A face to open doors at the Imperial War Museum 

A month or so ago, I visited the Imperial War Museum in London to see a new exhibition, “Refugees”. As the name suggests, it revolves around a specific theme that is very important to me and to many others. The exhibition looks at refugees’ journeys: beginning with the period following World War One until today. It is extremely powerful and timely. After roughly an hour and a half of looking at pictures and videos that witness a multifaceted set of experiences, I walk into the last room. The room is devoted to A face to open doors, an installation developed by the creative studio Anagram. A face to open doors takes you to a future where border control is overseen by intelligent machines. I decide to try it. I start following the blue arrows on the floor. 

Firstly, I have to put my hand in front of a sensor that scans it. It takes a few seconds, and then a voice from the speakers above greets me: “Hello and welcome. That is clearly the hand of someone who has been working hard!”.

The AI and I

The voice is that of a female, but this does not make it any more reassuring. It is a cold, sharp voice. I keep on following the arrows and they take me inside the proper installation, in a tiny space with a screen, a chair and a blind. I pull the blind down behind me, and then it’s just me and the Artificial Intelligence (AI) screener. This distant voice tells me that in order to make sure that I’m not lying about where I come from and the reasons for my journey, I need to undertake a test. The entire process might sound bizarre, maybe even funny now when you’re reading about it, but it’s quite the opposite once you’re in there. The room is dark, illuminated only by the neon lights at the entrance. The farther you progress in your fictional screening, the more absorbed you get. 

You feel estranged and alone in front of this test. 

After a round of simple questions, the AI shows me a fast sequence of images. They represent all sorts of happy places: a bustling city, a town on the mountains, a sunny beach. I subconsciously smile when I see the image of the beach, as memories of the summer and of warmer times come to my mind. Then the voice tells me that if I pass the test, I’ll be sent to a maritime place, given that my facial expressions showed that the beach was my favourite image. Quite unexpected, as you don’t expect a machine to read your mind, but I keep on going; curious of how the next part of the test might look like.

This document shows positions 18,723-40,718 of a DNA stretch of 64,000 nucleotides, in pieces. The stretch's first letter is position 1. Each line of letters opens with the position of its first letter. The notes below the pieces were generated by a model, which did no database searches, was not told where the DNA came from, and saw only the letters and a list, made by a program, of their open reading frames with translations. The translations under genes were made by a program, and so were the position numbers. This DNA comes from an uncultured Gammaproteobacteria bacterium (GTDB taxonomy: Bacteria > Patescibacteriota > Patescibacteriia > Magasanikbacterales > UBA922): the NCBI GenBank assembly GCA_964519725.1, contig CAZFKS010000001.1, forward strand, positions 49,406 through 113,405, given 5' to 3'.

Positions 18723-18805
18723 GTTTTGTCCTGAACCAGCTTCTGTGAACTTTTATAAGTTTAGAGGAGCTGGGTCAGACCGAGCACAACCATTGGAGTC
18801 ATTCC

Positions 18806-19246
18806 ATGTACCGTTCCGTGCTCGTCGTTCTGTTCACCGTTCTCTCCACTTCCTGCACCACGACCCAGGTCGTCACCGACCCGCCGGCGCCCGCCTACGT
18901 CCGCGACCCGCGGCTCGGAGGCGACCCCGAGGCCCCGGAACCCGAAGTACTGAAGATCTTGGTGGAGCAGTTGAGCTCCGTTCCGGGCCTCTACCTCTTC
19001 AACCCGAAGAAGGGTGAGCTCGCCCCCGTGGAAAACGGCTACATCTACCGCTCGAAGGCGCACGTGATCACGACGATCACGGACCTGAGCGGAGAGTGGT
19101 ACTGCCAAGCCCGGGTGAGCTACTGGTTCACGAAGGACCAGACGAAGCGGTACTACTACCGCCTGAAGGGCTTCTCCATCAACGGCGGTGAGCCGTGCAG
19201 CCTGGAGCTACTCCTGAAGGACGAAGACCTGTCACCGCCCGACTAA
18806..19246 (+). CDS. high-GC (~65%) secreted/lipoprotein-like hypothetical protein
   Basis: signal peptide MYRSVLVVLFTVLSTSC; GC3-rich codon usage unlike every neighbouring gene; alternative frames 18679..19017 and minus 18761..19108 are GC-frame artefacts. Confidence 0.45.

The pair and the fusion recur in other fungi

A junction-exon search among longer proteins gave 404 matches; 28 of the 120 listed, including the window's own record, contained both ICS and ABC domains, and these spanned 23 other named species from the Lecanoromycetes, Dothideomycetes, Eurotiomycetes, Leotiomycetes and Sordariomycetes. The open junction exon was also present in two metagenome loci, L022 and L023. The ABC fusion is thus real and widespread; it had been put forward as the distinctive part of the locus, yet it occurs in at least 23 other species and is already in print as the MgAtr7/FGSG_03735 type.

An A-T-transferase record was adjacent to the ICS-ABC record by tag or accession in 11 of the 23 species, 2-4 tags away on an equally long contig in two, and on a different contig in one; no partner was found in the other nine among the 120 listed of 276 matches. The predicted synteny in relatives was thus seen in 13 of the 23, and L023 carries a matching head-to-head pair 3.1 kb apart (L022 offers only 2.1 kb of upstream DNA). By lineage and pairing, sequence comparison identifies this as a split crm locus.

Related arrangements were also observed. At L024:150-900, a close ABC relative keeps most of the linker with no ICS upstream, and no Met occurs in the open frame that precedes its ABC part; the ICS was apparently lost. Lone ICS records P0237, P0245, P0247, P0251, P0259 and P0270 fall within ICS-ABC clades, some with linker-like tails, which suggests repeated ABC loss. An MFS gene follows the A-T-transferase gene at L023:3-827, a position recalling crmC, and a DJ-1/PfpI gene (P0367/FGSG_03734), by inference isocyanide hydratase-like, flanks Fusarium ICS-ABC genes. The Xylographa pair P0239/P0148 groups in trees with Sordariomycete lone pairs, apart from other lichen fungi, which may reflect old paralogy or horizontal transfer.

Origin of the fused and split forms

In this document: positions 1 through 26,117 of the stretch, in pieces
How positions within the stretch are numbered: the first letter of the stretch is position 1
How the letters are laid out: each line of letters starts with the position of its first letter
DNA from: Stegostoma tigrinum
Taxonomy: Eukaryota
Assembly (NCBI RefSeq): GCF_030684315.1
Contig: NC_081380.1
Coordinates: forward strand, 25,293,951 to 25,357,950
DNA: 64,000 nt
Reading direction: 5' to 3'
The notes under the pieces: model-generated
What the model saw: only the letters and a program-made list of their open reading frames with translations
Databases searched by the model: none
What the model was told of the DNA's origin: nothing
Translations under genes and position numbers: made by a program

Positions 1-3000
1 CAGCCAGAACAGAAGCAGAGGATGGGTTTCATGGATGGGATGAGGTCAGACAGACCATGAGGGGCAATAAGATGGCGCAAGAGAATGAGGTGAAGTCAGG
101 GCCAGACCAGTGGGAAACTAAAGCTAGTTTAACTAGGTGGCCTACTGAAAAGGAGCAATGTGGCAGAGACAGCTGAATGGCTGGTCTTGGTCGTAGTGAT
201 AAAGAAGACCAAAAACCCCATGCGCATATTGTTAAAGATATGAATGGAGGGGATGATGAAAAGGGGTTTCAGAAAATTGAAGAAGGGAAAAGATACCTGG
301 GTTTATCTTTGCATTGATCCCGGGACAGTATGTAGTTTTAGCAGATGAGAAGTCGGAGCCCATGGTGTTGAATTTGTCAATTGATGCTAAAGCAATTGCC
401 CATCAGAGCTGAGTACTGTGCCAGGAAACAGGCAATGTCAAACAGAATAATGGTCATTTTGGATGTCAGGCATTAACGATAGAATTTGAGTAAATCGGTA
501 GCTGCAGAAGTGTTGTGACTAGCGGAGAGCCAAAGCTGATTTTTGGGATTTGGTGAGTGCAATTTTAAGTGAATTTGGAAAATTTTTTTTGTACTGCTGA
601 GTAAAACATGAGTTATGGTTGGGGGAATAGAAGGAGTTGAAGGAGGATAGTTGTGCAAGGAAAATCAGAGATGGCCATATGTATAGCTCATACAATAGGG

Emotional test

The AI machine then tells me that in order to verify if I am lying about the information I’ve provided, I need to undertake an emotional test. The voice says that I have to show different emotions through my facial expressions. “Anger, fear, excitement”, it shouts at me, while the screen in front of my face captures my poor efforts of following its orders. I’ve never been a good actress, and it becomes apparent very soon that I’m not doing too well. The percentage of success on the screen doesn’t exceed thirty per cent. As I am sitting there trying to put on my best sad face, I find myself thinking. 

“Imagine if you weren’t here on a Friday afternoon with a friend, but you were really coming from a war zone or a situation of distress. Imagine being asked to prove your sufferings through a facial screening. How would you feel?”. 

While I’m lost in my thoughts, the voice informs me of my result. “You’ve failed”, it tells me, notifying me that I have not passed the screening and as a consequence, I will not be granted asylum. The screen turns black, the voice goes quiet, and I leave.

Something we should be thinking about 

What still amazes me of this installation, weeks after I’ve come across it, is the way it makes you think thereafter. Not only does it create  a very vivid and present experience when you’re in the room, it also leaves you speechless and questioning what you’ve been through. I consider myself fairly sceptical of the way border procedures are carried out in most places, and I’ve researched the way asylum seekers are interrogated in countries like Greece and Italy before. Yet I’ve never asked myself, could things become worse in the future? 

Is it possible that with the growing pace of technology these people will be treated in an even more inhumane way? And what about the now?

Are the practices currently in place at many borders really more humane than an automated voice? Are we reducing ourselves to selfish machines incapable of feeling empathy, when we silence the calls for help of people who travel to find shelter?

A future not so far away

Above all, A face to open doors prompts you to reflect. It puts you in the shoes of refugees and asylum seekers even if only for a few minutes and disturbs your dozing consciousness. Some countries, like Hungary, Greece or Latvia, are already testing automated procedures at their borders. Artificial Intelligence might speed up checks and queues at airports and train stations. However, the use of these automated machines becomes hugely problematic in terms of human rights and sensibility if applied in the context of border security and migration. A future in which life-changing decisions are taken by technology might be not so far away. Preventing this scenario is in the interests of all of us if we are to maintain the compassion that makes us human. 

Written by Elena Siniscalco. 
Elena is a Master’s Student in International Journalism at City University, London. She loves reading and writing about anything at any time. Especially about politics and humanitarian questions.